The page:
In my opinion:
Your (fired) excavated bullet appears to be a US Army .44-caliber Model-1874 Colt revolver metallic-cartridge bullet. See the photos of a dug "lightly fired" (low powder-charge) one, below. The "rings" on yours look wider because firing caused the raised rings to get compressed as the bullet traveled through the pistol's rifled barrel, flattening them into a wider shape than they were when unfired.

I should also mention, the Model-1874 Colt Army .44 revolver bullet was manufactured by the US Army's Frankford Arsenal into the 1890s, and at that time had reeded body-grooves. If your bullet does not have reeded grooves, it is the earlier version, made during the mid-1870s into the 1880s.
 

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Solution

villagenut

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TCBG gave a good explanation, far better than I cou.d do. modern to me is a period lacking notable events from modern times. Post CW years and up. Although if a bullet could be tied to a later specific event, making it better than the average modern bullet. So modern is not a bad term, just not having a particular connection to an event or historical period. I hope that makes so e sense anyways.
 
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Ronson

Ronson

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Ronson, here's some "clarifying" info about bullets (antique and modern) for you:
1- The defining characteristic of a Minie-bullet (actually not a ball despite the name "Minie-Ball") is the presence of a large cavity in the bullet's base, whose purpose was to cause the base to have a thin rim or "skirt," so the gunpowder's firing blast could easily expand the base rim outward into the gunbarrel's rifling-grooves.
2- That being said, all the varieties of actual Minie-bullets were made for use in Muzzleloading firearms, not for breech-loading or cylinder-loading (a revolver pistol), most of which used metallic-cartridge bullets.

3- To most Historical/Military bullet-collectors, "modern" bullets date from around the start of the 20th-Century.

4- A major characteristic of many "modern" bullets is the presence of a knurled (or "reeded") cannelure... which means, the bullet's body-groove(s) contain multiple tiny parallel ridges. Reeded-groove bullets first show up about 1877, and became commonplace around 1900. See the photo below, which shows a modern 32-caliber revolver bullet with a reeded body-groove. NOTE -- one of your photos of your bullet kinda-sorta looks like it has reeded body-grooves, but the photo isn't quite clear enough for me to be sure about that.

In my opinion:
Your (fired) excavated bullet appears to be a US Army .44-caliber Model-1874 Colt revolver metallic-cartridge bullet. See the photos of a dug "lightly fired" (low powder-charge) one, below. The "rings" on yours look wider because firing caused the raised rings to get compressed as the bullet traveled through the pistol's rifled barrel, flattening them into a wider shape than they were when unfired.

I should also mention, the Model-1874 Colt Army .44 revolver bullet was manufactured by the US Army's Frankford Arsenal into the 1890s, and at that time had reeded body-grooves. If your bullet does not have reeded grooves, it is the earlier version, made during the mid-1870s into the 1880s.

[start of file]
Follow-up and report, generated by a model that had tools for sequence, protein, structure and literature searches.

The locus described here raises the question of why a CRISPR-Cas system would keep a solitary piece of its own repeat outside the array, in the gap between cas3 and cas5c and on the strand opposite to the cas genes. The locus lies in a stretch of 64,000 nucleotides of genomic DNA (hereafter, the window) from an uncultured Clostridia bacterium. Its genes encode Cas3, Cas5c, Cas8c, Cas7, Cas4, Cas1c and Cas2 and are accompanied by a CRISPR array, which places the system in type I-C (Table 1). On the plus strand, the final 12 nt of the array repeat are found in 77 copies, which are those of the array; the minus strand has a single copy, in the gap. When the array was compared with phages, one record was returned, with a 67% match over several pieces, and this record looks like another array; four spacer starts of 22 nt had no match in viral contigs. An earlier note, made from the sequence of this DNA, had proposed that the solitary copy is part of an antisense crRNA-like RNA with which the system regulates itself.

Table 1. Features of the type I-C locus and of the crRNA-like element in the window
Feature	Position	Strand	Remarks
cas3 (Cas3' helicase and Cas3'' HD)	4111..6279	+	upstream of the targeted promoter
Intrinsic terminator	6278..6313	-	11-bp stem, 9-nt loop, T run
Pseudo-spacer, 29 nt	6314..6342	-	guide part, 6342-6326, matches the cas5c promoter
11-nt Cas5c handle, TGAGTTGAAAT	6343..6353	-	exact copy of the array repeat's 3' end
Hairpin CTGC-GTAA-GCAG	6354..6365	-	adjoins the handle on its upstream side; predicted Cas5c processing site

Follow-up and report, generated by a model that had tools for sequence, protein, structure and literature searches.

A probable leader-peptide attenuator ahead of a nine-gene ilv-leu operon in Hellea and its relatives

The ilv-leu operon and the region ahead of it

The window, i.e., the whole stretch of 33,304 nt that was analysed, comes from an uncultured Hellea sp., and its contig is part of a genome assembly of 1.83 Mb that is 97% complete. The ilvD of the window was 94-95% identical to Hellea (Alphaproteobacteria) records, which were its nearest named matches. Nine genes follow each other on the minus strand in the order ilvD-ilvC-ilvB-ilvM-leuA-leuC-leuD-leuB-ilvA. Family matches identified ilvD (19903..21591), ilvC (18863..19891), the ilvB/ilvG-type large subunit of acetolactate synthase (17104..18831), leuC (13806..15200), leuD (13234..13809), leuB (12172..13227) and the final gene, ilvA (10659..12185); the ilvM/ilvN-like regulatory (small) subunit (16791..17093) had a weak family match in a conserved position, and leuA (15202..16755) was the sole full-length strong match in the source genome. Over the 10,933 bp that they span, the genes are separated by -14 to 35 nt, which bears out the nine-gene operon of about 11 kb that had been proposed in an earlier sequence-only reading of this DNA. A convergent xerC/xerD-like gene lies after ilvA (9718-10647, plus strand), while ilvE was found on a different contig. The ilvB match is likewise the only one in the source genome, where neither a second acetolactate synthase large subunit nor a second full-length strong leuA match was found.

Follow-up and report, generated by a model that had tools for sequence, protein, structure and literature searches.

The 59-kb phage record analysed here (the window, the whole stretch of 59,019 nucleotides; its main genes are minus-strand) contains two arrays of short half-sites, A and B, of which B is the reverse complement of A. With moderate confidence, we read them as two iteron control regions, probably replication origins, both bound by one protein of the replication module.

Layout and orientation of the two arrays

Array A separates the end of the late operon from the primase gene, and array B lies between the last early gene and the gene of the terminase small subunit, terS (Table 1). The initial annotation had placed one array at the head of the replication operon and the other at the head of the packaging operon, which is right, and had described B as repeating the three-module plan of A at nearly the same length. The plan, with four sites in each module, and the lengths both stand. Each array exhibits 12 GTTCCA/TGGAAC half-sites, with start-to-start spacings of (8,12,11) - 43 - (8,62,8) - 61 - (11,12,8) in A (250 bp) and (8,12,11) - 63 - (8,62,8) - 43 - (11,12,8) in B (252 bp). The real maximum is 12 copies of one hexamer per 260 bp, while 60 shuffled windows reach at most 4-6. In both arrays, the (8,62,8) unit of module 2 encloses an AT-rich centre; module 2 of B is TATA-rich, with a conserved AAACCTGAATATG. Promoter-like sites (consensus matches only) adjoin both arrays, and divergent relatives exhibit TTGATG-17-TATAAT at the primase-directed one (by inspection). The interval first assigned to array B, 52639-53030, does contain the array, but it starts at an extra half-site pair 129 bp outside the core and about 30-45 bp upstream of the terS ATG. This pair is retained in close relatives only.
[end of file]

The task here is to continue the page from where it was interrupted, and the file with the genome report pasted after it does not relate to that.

Cannon, that was a fantastic primer for me & others, thank you… I appreciate the time you took to share that info.
Once I’m back home, I’ll get a better photo up, plus a caliper measurement, but I believe it does have the receded grooves you described.
(Sorta like the ridges on the edge of a dime?)
 
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TheCannonballGuy

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Ronson asked (regarding "reeded body-groove" a.k.a knurled-cannelure bullets:
> Sorta like the ridges on the edge of a dime?

Yep. Some US coins (dime, quarter, half, and dollar-coins) have what is called a reeded edge.... the same multiple tiny parallel ridges you see in reeded-groove bullets. A lot of 20th-Century-to-presentday "copper-jacketed" bullets have a reeded body-groove (or two). See the photo below.
 

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Ronson

Ronson

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In my opinion:
Your (fired) excavated bullet appears to be a US Army .44-caliber Model-1874 Colt revolver metallic-cartridge bullet. See the photos of a dug "lightly fired" (low powder-charge) one, below. The "rings" on yours look wider because firing caused the raised rings to get compressed as the bullet traveled through the pistol's rifled barrel, flattening them into a wider shape than they were when unfired.

I should also mention, the Model-1874 Colt Army .44 revolver bullet was manufactured by the US Army's Frankford Arsenal into the 1890s, and at that time had reeded body-grooves.

My digital caliper only measures to hundredths of an inch, but I’m measuring approx 0.47” in diameter and 0.71 or 0.72” in length… is this plausibly consistent for a US Army .44-caliber Model-1874 Colt revolver metallic-cartridge bullet, given its deformities?
Here’s another photo that I think shows the reeding.